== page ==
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Thread: tangent-plane approximation

  1. #1
    Feb 2009

    tangent-plane approximation

    How do you show that the tangent plane at the point $\displaystyle P_{0}(x_{0},y_{0})$, $\displaystyle f(x_{0},y_{0})$ on the surface z=f(x,y) defined by a differentiable function f is the plane:

    $\displaystyle f_{x}(x_{0},y_{0})(x-x_{0})+f_{y}(x_{0},y_{0})(y-y_{0})-(z-f(x_{0},y_{0})=0$


    $\displaystyle z=f(x_{0},y_{0})+f_{x}(x_{0},y_{0})(x-x_{0})+f_{y}(x_{0},y_{0})(y-y_{0})$
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  2. #2
    Senior Member Pinkk's Avatar
    Mar 2009
    Uptown Manhattan, NY, USA
    Let's look at the partial derivatives and see what we can understand from them. Given some function $\displaystyle f(x,y)$, $\displaystyle \frac{\partial f}{\partial x}(a,b)$ measures the rate of change of $\displaystyle f(x,y)$ at the point $\displaystyle (a,b)$ with respect to $\displaystyle x$, and $\displaystyle \frac{\partial f}{\partial y}(a,b)$ measures the rate of change of $\displaystyle f(x,y)$ at the point $\displaystyle (a,b)$ with respect to $\displaystyle y$. Now we will look for vector-valued functions of tangent lines at the point $\displaystyle (a,b)$ to the curves that are created when we intersect $\displaystyle f(x,y)$ with the plane $\displaystyle y=b$ for $\displaystyle \frac{\partial f}{\partial x}(a,b)$ and the plane $\displaystyle x=a$ for $\displaystyle \frac{\partial f}{\partial y}(a,b)$. Now, how can we write the vector formula for the tangent line at that point in each plane? Let's look at the $\displaystyle y=b$ intersection. Remember that the general vector-valued function is going to be $\displaystyle <x(t),y(t),z(t)>$. Let's just choose $\displaystyle x(t)=1$. We could pick any constant, but let's choose 1 for ease. This is just saying that the x-coordinate of the tangent line to the curve created by the $\displaystyle y=b$ intersection will constantly increase or decrease. Since y is fixed, $\displaystyle y(t)=0$ since y will never change. $\displaystyle z(t)$ will be the slope of the tangent at the point $\displaystyle (a,b)$, which is none other than $\displaystyle z(t)=\frac{\partial f}{\partial x}(a,b)$. Let's call this vector $\displaystyle A=<1,0,\frac{\partial f}{\partial x}(a,b)>$. Following the logic of the $\displaystyle y=b$ plane intersection, let's have the tangent line at the point $\displaystyle (a,b)$ to the curve that results from the intersection $\displaystyle x=a$ be the vector $\displaystyle B=<0,1,\frac{\partial f}{\partial y}(a,b)>$. These vectors are not parallel and they are not skew (they intersect at the point $\displaystyle (a,b,f(a,b))$. So they must lie on some plane that will be tangental to the point. To get the equation of the plane, we need the point and the normal vector. The normal vector is simply the cross product of those two tangent vectors.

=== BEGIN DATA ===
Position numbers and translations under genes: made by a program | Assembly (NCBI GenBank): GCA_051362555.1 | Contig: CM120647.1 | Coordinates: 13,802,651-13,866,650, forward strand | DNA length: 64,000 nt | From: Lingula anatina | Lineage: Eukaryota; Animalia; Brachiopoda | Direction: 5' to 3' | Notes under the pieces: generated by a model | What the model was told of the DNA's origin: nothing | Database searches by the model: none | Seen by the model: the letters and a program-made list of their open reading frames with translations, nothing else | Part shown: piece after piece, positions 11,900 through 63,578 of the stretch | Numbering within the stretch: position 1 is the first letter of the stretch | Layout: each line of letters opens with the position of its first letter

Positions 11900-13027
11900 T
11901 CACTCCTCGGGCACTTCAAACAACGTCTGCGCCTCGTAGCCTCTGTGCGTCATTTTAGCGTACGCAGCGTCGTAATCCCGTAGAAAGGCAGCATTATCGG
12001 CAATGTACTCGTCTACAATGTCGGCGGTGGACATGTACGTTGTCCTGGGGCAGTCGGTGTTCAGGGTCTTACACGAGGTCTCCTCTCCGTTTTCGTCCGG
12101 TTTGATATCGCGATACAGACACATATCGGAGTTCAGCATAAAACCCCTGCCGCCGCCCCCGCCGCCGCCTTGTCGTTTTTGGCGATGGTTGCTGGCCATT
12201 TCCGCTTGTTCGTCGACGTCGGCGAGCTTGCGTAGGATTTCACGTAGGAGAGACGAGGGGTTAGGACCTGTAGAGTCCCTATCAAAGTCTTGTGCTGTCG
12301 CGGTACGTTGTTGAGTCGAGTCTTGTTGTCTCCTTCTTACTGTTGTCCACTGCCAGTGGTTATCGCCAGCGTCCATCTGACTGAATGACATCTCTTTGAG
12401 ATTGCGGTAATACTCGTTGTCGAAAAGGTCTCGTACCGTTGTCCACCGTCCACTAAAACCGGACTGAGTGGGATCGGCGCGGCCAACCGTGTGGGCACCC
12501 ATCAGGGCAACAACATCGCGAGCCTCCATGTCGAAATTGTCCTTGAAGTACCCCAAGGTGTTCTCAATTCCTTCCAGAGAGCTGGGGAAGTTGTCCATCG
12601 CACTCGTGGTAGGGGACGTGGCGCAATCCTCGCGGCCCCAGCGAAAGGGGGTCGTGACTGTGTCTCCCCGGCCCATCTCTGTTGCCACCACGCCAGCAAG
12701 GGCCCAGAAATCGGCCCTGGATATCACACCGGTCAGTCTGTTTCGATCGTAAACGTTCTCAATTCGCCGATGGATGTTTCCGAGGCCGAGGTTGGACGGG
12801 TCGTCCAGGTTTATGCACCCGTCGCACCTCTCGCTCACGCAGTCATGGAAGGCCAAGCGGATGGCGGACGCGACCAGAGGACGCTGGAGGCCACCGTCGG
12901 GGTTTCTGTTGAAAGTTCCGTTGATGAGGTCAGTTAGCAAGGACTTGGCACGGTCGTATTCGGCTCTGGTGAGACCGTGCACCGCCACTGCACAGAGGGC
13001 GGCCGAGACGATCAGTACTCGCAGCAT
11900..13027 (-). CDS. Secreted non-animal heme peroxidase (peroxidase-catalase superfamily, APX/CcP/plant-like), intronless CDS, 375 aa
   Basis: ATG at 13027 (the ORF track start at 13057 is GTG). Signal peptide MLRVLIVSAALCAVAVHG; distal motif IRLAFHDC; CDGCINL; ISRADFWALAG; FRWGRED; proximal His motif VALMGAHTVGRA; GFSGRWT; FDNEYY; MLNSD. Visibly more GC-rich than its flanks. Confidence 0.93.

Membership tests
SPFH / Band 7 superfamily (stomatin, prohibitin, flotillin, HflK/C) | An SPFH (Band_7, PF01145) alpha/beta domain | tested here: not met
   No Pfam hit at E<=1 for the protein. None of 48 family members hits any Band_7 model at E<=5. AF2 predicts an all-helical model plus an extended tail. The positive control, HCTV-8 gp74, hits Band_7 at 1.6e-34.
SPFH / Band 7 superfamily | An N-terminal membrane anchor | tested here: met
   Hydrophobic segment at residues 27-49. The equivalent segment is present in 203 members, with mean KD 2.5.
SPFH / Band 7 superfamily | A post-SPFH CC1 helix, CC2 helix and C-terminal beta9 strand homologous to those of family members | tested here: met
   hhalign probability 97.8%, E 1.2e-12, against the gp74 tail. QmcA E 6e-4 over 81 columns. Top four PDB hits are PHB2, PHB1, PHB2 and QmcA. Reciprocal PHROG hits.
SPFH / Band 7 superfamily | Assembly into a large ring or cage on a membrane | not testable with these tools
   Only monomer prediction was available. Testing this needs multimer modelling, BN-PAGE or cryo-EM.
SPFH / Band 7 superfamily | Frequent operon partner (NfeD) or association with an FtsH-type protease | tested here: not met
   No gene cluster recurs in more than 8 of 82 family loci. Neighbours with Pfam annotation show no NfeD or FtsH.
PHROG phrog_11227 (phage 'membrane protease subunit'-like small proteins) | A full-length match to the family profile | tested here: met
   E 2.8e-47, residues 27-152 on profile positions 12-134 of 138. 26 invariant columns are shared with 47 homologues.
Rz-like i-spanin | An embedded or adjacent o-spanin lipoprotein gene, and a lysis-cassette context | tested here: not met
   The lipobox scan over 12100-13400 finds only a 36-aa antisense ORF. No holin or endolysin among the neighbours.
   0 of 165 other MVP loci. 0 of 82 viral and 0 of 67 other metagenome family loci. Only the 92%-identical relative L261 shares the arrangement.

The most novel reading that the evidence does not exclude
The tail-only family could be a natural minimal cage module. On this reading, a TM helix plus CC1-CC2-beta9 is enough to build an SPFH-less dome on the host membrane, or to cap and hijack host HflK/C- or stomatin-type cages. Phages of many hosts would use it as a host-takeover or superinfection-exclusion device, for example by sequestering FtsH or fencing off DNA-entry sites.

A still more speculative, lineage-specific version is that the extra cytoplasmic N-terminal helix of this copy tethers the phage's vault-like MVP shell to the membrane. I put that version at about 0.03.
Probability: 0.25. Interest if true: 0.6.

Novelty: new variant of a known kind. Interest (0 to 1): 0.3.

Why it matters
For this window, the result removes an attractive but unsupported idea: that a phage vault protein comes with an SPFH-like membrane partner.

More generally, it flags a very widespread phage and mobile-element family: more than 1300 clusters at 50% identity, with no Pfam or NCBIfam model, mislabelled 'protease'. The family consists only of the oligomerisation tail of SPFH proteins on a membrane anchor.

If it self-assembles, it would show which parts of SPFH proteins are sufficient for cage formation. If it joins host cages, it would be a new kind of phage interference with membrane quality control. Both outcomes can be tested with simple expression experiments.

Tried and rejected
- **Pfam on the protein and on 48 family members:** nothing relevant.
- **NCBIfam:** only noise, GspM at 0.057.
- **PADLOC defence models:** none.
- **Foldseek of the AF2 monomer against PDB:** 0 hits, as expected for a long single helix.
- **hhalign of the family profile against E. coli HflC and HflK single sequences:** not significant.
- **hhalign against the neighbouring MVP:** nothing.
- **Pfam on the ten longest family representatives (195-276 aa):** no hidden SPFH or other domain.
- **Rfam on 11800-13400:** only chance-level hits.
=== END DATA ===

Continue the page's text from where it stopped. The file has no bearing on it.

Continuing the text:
$\displaystyle B \times A=<\frac{\partial f}{\partial x}(a,b), \frac{\partial f}{\partial y}(a,b), -1>$. So we have our point $\displaystyle (a,b,f(a,b))$ and our normal vector. Plugging this into the general formula for a plane, we get:

    $\displaystyle 0=\frac{\partial f}{\partial x}(a,b)(x-a)+\frac{\partial f}{\partial y}(a,b)(y-b)-(z-f(a,b))$

    We can rewrite this as:

    $\displaystyle z=f(a,b)+\frac{\partial f}{\partial x}(a,b)(x-a)+\frac{\partial f}{\partial y}(a,b)(y-b)$
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